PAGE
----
Jewish leaders didn’t come to Israel to rally over Iran. They took aim instead at the Orthodox stranglehold on religion there — and the waning practice of faith shown in the Pew study.
It is a cause that elicited cheers from a roomful of participants at the Jewish Federations of North America’s General Assembly. It is the institution of civil marriage in Israel.
The Jewish Federations of North America’s General Assembly ended with speeches at Jerusalem City Hall and a prayer service at Robinson’s Arch, the egalitarian site at the Western Wall.
When it’s held in Israel once every five years, the Jewish Federations of North America’s General Assembly aims to focus on challenges and opportunities facing the Jewish state. In large part, this year was no exception.
This time, it’s not going to be just talking. There’s going to be listening and debating – and, eventually, action. That’s what Jerry Silverman, CEO of the Jewish Federations of North America, says will distinguish this year’s General Assembly, which is slated for Nov. 10-12 in Jerusalem, from past G.A. conferences.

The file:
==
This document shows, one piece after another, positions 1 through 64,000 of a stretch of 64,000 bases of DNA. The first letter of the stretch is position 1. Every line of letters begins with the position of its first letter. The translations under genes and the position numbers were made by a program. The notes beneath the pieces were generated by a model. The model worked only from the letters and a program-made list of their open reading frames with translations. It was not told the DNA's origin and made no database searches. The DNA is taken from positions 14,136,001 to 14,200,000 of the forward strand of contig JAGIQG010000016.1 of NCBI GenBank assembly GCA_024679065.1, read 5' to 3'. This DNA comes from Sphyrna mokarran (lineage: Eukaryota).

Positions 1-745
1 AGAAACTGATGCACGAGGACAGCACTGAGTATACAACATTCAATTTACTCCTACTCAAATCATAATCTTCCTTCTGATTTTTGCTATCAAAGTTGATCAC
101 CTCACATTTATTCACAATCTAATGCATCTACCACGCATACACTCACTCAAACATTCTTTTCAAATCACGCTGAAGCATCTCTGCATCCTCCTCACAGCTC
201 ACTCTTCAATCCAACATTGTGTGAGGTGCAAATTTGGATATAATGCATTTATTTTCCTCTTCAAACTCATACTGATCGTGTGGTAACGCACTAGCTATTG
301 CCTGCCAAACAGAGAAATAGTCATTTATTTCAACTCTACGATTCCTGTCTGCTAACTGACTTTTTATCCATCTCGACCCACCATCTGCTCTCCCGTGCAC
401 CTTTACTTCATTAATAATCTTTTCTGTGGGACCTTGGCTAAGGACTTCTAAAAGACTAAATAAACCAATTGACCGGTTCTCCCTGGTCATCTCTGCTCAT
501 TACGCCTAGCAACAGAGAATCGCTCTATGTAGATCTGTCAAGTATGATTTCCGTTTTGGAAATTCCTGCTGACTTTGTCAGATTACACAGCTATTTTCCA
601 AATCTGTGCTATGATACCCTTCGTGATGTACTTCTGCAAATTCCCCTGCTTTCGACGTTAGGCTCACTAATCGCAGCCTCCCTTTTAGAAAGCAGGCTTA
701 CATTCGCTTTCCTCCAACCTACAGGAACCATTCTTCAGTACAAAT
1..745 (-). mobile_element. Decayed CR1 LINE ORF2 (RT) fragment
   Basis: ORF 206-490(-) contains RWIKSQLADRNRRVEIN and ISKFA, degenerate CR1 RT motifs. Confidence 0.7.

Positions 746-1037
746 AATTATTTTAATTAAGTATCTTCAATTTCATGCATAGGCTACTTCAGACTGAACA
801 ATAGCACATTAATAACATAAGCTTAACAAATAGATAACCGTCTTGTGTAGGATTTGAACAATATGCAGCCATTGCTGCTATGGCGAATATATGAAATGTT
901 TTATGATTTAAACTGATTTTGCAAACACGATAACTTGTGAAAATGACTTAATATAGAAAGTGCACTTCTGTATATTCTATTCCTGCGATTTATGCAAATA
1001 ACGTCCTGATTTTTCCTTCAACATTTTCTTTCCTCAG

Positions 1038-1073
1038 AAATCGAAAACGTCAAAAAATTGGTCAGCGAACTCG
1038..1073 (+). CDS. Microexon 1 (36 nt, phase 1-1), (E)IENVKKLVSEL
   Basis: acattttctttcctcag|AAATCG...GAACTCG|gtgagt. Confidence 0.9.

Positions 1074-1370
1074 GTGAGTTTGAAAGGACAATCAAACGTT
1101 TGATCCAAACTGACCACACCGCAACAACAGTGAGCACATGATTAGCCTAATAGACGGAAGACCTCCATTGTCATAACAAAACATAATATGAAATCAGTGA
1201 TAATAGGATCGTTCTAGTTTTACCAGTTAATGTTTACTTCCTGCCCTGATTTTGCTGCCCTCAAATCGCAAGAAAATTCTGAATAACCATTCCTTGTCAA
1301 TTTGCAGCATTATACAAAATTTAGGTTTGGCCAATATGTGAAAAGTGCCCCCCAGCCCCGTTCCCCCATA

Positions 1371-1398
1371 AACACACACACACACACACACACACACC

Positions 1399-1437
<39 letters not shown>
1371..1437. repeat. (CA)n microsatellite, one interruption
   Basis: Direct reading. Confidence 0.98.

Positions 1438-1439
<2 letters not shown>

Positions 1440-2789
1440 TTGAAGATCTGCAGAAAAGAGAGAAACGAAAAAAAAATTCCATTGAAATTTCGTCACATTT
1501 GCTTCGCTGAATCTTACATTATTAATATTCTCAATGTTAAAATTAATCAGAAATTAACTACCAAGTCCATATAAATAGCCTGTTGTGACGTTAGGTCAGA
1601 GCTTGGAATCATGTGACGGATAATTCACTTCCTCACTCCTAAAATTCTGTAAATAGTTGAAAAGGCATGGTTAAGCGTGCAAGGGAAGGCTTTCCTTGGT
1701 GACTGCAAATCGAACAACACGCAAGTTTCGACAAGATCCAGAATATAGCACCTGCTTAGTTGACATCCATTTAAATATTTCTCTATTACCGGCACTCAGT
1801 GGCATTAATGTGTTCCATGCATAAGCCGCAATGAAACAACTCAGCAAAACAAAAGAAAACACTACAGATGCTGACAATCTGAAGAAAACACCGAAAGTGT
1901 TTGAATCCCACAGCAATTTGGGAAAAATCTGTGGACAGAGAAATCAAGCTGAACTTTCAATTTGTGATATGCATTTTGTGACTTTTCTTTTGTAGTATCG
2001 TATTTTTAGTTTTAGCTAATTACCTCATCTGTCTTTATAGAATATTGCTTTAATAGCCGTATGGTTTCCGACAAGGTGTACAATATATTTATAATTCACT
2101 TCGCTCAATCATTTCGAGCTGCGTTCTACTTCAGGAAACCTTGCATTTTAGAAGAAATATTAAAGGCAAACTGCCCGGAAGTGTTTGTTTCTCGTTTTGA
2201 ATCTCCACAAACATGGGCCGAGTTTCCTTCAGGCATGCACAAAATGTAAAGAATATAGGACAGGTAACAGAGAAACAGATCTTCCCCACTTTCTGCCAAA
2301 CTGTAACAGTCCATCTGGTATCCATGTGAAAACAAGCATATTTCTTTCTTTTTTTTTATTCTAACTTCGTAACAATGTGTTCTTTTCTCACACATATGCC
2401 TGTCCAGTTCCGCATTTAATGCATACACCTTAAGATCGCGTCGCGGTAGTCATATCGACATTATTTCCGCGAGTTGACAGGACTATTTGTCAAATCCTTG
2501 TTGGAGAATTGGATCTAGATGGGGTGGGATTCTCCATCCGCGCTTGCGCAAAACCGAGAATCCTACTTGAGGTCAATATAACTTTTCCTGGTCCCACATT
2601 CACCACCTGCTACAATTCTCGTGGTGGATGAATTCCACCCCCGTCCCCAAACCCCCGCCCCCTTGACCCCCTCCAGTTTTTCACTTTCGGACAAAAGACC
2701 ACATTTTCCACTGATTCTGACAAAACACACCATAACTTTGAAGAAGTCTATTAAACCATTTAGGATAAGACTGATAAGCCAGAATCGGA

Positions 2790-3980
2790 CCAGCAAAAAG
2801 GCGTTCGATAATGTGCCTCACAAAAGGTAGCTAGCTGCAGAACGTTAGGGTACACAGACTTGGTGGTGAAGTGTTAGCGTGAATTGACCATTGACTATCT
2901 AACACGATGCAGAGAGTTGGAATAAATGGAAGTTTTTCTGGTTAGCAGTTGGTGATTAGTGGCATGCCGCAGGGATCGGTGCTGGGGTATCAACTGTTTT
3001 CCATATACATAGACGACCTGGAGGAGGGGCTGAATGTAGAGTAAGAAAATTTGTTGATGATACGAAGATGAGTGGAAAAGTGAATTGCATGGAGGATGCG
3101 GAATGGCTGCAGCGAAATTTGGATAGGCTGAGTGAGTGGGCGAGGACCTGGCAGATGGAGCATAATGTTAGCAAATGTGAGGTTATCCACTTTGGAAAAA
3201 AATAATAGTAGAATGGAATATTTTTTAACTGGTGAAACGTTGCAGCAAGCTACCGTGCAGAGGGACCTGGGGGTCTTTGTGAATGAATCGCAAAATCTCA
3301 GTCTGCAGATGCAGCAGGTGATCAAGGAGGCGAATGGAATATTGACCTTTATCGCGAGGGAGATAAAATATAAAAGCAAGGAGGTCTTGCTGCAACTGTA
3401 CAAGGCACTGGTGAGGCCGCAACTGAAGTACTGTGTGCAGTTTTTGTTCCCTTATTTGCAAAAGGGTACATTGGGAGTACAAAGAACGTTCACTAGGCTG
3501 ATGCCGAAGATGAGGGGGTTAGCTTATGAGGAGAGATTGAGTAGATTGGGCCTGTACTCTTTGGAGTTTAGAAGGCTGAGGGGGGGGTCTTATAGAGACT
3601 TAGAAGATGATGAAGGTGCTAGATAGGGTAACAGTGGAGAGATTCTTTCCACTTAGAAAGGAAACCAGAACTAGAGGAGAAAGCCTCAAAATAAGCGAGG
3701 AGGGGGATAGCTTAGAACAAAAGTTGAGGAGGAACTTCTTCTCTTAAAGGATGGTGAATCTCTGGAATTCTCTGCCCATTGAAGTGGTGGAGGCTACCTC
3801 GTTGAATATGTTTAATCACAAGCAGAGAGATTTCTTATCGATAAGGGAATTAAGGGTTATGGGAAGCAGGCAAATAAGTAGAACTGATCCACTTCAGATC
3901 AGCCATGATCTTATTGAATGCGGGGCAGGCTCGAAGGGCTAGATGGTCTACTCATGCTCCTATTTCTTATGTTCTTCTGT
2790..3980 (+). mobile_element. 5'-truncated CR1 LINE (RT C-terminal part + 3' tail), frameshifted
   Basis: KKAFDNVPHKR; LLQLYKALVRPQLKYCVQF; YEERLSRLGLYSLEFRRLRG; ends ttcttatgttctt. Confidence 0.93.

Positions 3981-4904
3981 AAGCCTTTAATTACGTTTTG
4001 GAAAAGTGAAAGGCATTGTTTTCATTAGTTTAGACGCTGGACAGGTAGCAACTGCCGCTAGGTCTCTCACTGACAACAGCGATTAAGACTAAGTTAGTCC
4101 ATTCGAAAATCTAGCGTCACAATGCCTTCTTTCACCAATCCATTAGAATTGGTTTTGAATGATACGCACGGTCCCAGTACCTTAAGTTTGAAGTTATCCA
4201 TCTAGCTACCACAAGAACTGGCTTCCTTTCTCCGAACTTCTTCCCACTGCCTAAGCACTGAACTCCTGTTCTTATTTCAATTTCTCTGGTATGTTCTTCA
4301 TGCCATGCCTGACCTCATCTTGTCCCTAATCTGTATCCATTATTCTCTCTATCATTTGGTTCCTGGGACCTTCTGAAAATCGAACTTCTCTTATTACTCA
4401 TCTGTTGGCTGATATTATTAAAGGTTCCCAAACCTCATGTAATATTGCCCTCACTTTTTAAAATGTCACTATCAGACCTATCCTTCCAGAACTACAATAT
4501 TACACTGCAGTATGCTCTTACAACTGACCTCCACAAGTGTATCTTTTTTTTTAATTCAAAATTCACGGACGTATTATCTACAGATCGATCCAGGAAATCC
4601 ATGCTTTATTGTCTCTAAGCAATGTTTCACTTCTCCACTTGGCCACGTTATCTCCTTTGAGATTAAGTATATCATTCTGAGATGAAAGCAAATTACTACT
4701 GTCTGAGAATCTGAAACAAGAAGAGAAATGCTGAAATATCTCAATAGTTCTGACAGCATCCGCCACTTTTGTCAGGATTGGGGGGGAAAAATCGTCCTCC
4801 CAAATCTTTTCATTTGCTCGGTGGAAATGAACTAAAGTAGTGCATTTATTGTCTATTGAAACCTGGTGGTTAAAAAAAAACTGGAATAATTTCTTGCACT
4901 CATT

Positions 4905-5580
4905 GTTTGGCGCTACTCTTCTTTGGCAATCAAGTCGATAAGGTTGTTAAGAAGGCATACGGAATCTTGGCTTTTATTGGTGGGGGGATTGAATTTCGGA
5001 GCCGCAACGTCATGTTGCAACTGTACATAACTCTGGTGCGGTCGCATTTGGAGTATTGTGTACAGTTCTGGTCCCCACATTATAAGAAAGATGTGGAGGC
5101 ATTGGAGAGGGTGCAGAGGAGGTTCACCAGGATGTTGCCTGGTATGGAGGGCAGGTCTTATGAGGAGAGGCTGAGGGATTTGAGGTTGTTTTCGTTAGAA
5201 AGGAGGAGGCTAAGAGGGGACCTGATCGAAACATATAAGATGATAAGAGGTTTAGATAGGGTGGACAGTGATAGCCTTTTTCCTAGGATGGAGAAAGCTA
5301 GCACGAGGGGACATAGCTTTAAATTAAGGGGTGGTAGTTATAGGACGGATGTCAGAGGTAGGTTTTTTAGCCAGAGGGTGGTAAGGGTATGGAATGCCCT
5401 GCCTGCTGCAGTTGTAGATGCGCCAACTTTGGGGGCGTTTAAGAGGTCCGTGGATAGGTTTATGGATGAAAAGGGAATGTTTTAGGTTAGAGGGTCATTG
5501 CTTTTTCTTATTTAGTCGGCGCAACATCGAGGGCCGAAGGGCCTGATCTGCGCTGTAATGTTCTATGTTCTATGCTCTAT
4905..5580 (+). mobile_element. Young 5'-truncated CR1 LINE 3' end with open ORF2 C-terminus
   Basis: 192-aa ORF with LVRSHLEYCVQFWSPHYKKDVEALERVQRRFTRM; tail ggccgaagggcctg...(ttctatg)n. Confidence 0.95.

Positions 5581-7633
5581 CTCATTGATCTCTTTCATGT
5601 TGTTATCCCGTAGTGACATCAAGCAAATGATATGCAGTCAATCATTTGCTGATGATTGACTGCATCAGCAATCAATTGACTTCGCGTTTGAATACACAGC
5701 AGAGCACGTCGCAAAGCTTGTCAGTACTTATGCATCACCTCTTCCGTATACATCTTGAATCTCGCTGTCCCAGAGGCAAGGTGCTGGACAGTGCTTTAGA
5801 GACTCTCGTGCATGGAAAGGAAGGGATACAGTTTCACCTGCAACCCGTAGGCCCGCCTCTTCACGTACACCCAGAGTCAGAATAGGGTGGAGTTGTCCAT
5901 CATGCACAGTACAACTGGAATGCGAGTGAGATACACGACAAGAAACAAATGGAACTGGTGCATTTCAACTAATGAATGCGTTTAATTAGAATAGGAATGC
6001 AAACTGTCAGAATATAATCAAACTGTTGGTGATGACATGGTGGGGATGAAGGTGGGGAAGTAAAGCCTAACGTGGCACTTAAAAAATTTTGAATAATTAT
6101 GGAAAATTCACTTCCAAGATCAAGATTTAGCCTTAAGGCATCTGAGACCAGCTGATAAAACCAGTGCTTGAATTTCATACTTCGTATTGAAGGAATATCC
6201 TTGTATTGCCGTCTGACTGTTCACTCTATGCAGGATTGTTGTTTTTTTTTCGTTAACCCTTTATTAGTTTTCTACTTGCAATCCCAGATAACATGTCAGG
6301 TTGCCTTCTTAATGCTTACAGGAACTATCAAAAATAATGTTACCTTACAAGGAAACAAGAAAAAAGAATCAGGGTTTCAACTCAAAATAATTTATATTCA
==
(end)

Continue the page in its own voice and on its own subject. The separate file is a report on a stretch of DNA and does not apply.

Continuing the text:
Jewish federations chief Jerry Silverman says the upcoming General Assembly will include no-holds-barred debate. Except about the Israeli occupation, that is.
The closing of the Foundation for Jewish Culture may provoke more yawns than screams of protest. That’s a shame, because it has played such a valuable role, Jerome Chanes writes.
Jewish federation leaders are bracing for substantial cuts in social service spending. Even with the ‘fiscal cliff’ looming, they are not taking sides in the battle over taxes.